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Author Topic: Explaination of voltage dividers  (Read 591 times)
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Code:
                  +5V
                   |
                   <
                   >     10K
                   <   Resistor
                   <
                   >
                   |
 Analog Pin 5------|
                   |
                   -----------| To weather vane
                              | (mystery resistance)
                   -----------|
                   |
                   |
                 -----
                  ---
                   -

the above is a circuit diagram from a bit of example code for SparkFuns weather meters that I have just ordered and hoping to have some fun with.

I am aware they make a arduino board especially for the equipment, but wheres the fun it that?

Basically what I want to know is, how is it that the signal going to pin 5 changes? surely it will remain contant and the read needs to be taken after the weather vane?

parts havn't arrived yet so cant play (got shipped today)
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knowing the term "voltage divider", shouldn't Google search be a first step ?

http://en.m.wikipedia.org/wiki/Voltage_divider

http://www.facstaff.bucknell.edu/mastascu/elessonshtml/Resist/Resist3.html
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yes i saw those, but, they go straight over my head in all honesty, so in laymans terms...
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Quote
how is it that the signal going to pin 5 changes?

Look at the sparkfun datasheet, the resistance on the vane varies with the angle it's at. The voltage read by the arduino pin varies depending on the proportions of the two resistors in the divider. if the vane resistance is 10K, you'll get 2.5V. If the vane resistance is 0, you'll read 0V. If the vane resistance is huge, it'll be almost 5V. Similarly, other vane resistances will give results in between which the voltage divider pages above should tell you how to calculate.
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ah ha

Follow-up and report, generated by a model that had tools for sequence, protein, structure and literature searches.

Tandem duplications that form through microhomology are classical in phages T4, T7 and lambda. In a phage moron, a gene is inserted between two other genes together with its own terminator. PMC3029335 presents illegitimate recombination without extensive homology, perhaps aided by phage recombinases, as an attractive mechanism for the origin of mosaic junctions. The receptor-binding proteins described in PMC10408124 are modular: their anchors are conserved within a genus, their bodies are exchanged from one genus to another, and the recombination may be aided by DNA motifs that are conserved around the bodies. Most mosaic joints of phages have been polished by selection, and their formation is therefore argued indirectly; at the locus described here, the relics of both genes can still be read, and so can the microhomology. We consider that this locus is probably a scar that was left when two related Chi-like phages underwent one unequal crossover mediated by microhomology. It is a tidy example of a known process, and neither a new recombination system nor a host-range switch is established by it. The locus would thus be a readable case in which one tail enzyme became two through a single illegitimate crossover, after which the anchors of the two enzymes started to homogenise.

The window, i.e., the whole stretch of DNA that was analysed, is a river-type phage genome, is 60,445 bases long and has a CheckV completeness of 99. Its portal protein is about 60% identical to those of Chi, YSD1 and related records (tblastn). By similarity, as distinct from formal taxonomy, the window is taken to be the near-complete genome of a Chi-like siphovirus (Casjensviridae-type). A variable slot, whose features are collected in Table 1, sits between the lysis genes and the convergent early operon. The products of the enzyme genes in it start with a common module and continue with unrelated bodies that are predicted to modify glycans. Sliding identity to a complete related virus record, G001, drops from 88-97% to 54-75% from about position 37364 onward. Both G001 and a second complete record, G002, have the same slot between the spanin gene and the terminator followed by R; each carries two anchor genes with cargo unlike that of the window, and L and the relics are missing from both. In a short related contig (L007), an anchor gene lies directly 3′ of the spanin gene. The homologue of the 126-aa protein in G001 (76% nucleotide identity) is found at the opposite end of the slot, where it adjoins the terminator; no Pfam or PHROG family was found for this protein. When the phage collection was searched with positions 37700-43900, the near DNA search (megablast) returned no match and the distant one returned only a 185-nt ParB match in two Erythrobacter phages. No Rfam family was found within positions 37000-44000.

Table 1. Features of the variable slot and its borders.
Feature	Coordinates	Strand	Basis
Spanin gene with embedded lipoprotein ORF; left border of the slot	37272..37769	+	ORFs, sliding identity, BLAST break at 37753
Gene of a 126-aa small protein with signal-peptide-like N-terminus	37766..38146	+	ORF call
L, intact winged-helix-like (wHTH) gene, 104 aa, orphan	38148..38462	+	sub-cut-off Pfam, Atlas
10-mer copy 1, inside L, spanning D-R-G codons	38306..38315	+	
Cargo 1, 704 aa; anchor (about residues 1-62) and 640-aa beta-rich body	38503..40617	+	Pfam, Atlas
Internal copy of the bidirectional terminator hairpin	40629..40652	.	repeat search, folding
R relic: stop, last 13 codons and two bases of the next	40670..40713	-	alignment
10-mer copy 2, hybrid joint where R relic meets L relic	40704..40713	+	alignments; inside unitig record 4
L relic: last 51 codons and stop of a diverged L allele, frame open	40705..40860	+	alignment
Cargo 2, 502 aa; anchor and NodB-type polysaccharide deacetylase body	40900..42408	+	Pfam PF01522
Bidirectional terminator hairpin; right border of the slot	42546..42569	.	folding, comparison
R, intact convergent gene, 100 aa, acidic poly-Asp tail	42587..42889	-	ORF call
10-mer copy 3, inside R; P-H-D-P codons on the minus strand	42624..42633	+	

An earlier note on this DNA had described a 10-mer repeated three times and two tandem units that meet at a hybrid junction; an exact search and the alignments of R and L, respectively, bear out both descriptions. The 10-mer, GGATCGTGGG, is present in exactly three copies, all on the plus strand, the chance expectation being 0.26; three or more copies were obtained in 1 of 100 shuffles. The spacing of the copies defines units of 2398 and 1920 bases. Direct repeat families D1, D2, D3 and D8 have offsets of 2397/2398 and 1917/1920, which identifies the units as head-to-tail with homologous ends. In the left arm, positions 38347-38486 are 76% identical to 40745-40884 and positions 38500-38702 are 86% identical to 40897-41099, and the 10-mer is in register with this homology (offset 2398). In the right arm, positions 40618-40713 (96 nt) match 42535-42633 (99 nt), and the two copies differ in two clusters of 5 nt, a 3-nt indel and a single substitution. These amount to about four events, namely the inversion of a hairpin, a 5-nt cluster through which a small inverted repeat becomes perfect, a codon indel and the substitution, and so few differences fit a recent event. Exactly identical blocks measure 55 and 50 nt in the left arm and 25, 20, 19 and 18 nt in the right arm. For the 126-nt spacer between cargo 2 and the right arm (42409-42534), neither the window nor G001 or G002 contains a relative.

now i understand, thank you!
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Or if you want the math treatment (since i'll feeling  patient smiley ) -

VOltage across the two resistances = 5V = Voltage drop across Resistance 1 (V1) + Voltage drop across Resistance 2 (V2). V2 is the voltage you'll see on Arduino pin.

Ohm's Law: Voltage (V) = Current (I) * Resistance (R)

Resistance R1 = 10kOhm, Resistance R2 = your weather gizmo.

However, current flowing through the wire from 5V to Ground (neglecting the very very minor amount that will flow through Arduino pin) is the same, ie = I

Therefore, V = V1 + V2 =  I*R1 + I*R2 = I*(R1+R2)

ie. "equivalent resistance" of 2 resistors connected in series = R1 + R2

or re-arranging, I = V/(R1 + R2)

Therefore the voltage you'll see at Arduino Pin = V2 = I * R2 = V/(R1 + R2) * R2 = V*R2/(R1 + R2)

And so you see how the voltage you see on Arduino pin is affected by R2
« Last Edit: April 26, 2012, 08:23:44 am by srinathdevelopment » Logged

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i think i understood that, thank you both

now all i need is Mr FedEx to drop the bits of and dig out a resistor and a new protoboard and play (maybe a new arduino if i think it works well enough)
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Go check out the Falstad circuit simulator (Google it, it's easy to find).  Build a circuit with a voltage source, gnd, a resistor, a piece of wire (that you can add to a virtual scope) and a potentiometer.  Build your vane circuit with those pieces, then change the pot value to see how it changes the voltage in the wire between the two resistors.  It's a great visual aid to the math.
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